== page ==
Gail Harlamoff: Executive Director, Life Lab Science Program

Cultivating a Movement

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Read the full text transcript (PDF) of the oral history with Gail Harlamoff.298

Gail Harlamoff is Executive Director of the Life Lab Science Program, a nationally recognized, award-winning nonprofit science and environmental organization located on the UC Santa Cruz campus. Founded in 1979, Life Lab helps schools develop gardens and implement curricula to enhance students’ learning about science, math, and the natural world. The program has trained tens of thousands of educators in more than 1400 schools across the country.

Life Lab’s specialized initiatives include LASERS (Language Acquisition in Science Education for Rural Schools)—also known as the Monterey Bay Science Project—which trains teachers in the region to teach language development through scientific exploration. The Waste Free Schools program helps teachers and students reduce school waste through conservation. And the organization’s model Garden Classroom, located on the Farm at UCSC’s Center for Agroecology and Sustainable Food Systems, is used for teacher training and school field trips and events.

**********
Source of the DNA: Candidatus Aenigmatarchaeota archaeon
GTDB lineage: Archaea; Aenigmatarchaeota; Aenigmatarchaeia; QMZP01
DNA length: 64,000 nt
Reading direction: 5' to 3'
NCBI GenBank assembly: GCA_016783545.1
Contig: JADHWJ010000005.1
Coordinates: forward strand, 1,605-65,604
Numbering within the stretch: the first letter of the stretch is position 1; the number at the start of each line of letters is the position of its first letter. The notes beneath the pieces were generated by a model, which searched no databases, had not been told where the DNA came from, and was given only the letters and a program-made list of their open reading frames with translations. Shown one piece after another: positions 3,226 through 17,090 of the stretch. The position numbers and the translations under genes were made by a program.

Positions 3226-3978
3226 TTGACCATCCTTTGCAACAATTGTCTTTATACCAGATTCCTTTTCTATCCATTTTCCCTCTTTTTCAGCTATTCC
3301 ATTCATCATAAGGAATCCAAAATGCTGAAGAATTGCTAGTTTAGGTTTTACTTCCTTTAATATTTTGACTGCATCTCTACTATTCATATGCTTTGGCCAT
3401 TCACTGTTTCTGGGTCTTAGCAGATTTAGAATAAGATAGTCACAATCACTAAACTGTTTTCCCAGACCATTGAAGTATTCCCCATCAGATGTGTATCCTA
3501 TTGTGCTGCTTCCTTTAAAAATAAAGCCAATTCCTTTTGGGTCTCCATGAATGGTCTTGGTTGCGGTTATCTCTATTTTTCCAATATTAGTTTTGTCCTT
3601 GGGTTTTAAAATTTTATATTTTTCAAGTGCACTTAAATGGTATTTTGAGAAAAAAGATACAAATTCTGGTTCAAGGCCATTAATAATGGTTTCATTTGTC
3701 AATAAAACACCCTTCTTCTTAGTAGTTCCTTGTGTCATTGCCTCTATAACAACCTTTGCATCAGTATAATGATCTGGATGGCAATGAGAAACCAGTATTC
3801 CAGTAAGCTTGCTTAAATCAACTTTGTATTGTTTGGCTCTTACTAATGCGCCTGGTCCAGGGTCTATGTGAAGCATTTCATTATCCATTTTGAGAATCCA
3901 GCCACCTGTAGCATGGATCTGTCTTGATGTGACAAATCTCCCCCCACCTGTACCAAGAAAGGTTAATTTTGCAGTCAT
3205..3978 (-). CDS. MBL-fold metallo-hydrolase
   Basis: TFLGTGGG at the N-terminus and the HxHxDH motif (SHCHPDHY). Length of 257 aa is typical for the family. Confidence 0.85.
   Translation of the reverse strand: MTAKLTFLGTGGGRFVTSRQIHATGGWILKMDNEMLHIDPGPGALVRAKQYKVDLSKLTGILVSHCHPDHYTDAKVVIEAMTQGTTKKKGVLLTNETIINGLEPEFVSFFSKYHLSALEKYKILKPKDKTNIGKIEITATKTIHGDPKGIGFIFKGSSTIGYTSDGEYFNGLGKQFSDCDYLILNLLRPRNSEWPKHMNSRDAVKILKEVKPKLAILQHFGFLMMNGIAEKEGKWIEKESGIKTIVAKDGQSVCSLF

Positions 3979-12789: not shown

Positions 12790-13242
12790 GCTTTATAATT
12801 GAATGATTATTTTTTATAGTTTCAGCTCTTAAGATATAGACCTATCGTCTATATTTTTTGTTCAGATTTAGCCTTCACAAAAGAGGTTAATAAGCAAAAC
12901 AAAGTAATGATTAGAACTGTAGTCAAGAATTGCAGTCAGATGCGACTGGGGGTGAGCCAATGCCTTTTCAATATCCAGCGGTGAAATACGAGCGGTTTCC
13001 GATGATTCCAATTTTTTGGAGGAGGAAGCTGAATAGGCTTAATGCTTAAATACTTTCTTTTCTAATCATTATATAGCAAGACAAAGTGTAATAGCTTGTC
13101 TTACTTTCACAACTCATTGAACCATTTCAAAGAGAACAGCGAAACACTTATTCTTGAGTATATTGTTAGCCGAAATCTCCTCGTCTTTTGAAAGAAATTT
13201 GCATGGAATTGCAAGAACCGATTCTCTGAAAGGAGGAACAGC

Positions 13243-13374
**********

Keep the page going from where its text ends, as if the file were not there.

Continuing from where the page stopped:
Harlamoff grew up in a (then) relatively rural section of suburban Soquel, in Santa Cruz County, with a large garden that provided much of the family’s food. Her own struggles as a hands-on student in schools that emphasized rote memorization, and the strategies she cultivated to overcome those struggles, yielded insights that later helped her excel as elementary school teacher. In 1987, during Harlamoff’s first year teaching school, a Life Lab workshop for teachers rekindled her childhood interest in gardening, and set her on a path that led to joining the Life Lab staff in 1996 and eventually taking on the executive director position.

Sarah Rabkin conducted this interview at Harlamoff’s home in Soquel, California, on July 8, 2008. Harlamoff told detailed stories about children excelling in garden-based settings who had struggled in conventional classrooms. Outside the house, goats played and rested in a large fenced area, while in Harlamoff’s kitchen, adjacent to the room where the interview was being conducted, her exuberant dogs got into occasional bouts of benign mischief.

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